Learning to Value Criticism


Accepting criticism is not something that comes easily to many of us, particularly those of us who trend towards perfectionism and people pleasing. In fact, fear of criticism can be downright debilitating. I can’t tell you the number of things I didn’t pursue because I was afraid of not measuring up, and having those around me realize it and say something…or worse, say something behind my back.


Sometimes criticism still has a way to hit me in the gut, especially when it's unexpected. A few years back, I gave a presentation that I had mixed feelings on. I felt like I did fairly well, but there were some areas I thought were a bit weak. Confirming my fears and catching me off guard, my boss made a point to confront me on exactly the things I feared.



Typically, I am my own harshest critic. This time, however, I was not. My weaknesses had been realized. It was one of those moments where all I could think was, "don't cry, don't cry, don't cry." The harder I tried to hold back the tears, the more they came. And boy, was I embarrassed. My boss at the time looked genuinely surprised by my reaction and started back-pedaling, trying to reassure me. In turn, I tried to reassure him that it was good to hear the feedback, despite the puddle I had dissolved to.


I hated my reaction, and I hated even more that I felt like I had no control over it. I felt like an overly sensitive kid who couldn't take a little criticism.



The whole incident made me call into question the beliefs I had around criticism. I realized that my boss, who had always been super complimentary of me, had a bit too much power over the value I assigned myself. I noticed that when you live and die by someone else's perceptions and opinions of you, you set yourself up for failure.


The truth is, we each have preferences. There are people we click with and people that rub us the wrong way. Everyone is different, and so too are their preferences. We each have our own way of doing things and our beliefs about how things "should be done".


The realization that not everyone is going to like us can be a tough pill to swallow, especially when we are the kind of person who goes out of our way to be friendly or to make someone feel welcome. Not everyone will like us, and it may have more to do with them than it does with us. Maybe you remind them of someone else they know. Maybe they like people who are blunt, and there's something about your friendliness and smiles that they don't trust. Who knows for sure. The only thing we can be sure of is that not 100% of people will like us or like what we do.


If everyone loved us, then what would we really be doing? We'd be bending our interests and opinions to appease those we are around, and that would make us pretty inauthentic and it would make us a liar. Nobody likes a liar.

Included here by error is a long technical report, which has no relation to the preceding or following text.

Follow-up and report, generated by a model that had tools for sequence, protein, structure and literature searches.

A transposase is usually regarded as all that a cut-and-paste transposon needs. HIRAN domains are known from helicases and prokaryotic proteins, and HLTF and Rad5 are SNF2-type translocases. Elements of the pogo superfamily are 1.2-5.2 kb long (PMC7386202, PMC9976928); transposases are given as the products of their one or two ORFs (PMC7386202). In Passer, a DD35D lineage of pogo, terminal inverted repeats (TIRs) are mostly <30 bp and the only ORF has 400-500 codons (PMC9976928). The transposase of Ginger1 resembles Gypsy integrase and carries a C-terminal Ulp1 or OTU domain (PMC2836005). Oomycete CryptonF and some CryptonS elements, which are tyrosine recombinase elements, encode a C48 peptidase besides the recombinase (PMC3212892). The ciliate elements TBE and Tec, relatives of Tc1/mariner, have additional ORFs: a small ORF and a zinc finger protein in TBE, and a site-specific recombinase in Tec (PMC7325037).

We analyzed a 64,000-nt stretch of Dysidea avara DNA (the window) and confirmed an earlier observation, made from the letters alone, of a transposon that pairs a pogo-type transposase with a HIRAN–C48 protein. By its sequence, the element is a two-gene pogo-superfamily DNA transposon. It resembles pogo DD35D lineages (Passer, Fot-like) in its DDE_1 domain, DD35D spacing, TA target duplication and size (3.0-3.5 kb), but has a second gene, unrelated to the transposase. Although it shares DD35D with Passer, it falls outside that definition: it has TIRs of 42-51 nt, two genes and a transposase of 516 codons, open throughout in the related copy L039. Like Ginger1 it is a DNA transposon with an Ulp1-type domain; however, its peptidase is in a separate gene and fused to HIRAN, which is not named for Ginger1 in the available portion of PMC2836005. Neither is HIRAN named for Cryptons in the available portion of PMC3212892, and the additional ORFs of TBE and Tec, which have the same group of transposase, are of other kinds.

Author Tara Mohr proposes this paradigm shift,

"I’ve found that the fundamental shift for women happens when we internalize the fact that all substantive work brings both praise and criticism. Many women carry the unconscious belief that good work will be met mostly — if not exclusively — with praise. Yet in our careers, the terrain is very different: Distinctive work, innovative thinking and controversial decisions garner supporters and critics, especially for women. We need to retrain our minds to expect and accept this."

She goes on to recommend observing someone we admire who handles criticism well. If they were in your place, how would they handle it? She also recommends reading both the praise and criticism of people we admire to drive home the point that even those at the top of their field receive both the good and the bad in terms of feedback. Starting to normalize criticism can be helpful in depersonalizing it.


I've worked hard to change my view of criticism as a negative, and shift to viewing criticism as an opportunity for growth. They say the best defense is a good offense, and in that vain, I've begun aggressively seeking out criticism. I'll be honest, I still don't love it, but I've gotten a lot better at utilizing it and using it to get sharper. Instead of looking at criticism as a flaw, I now see it as a chance to improve.


It's taken me 30 years to come to get a better handle on handling criticism. As Tara Mohr points out, to be a leader this day and age means that learning how to handle criticism and praise is less of an option and more of a necessity.




For more of Tara's work visit her website here.

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Disclaimer: The information shared on this website is intended for educational and marketing purposes. It is not a substitute for seeking help from a licensed mental health or medical professional. If you or someone you know is in need of immediate assistance dial 911.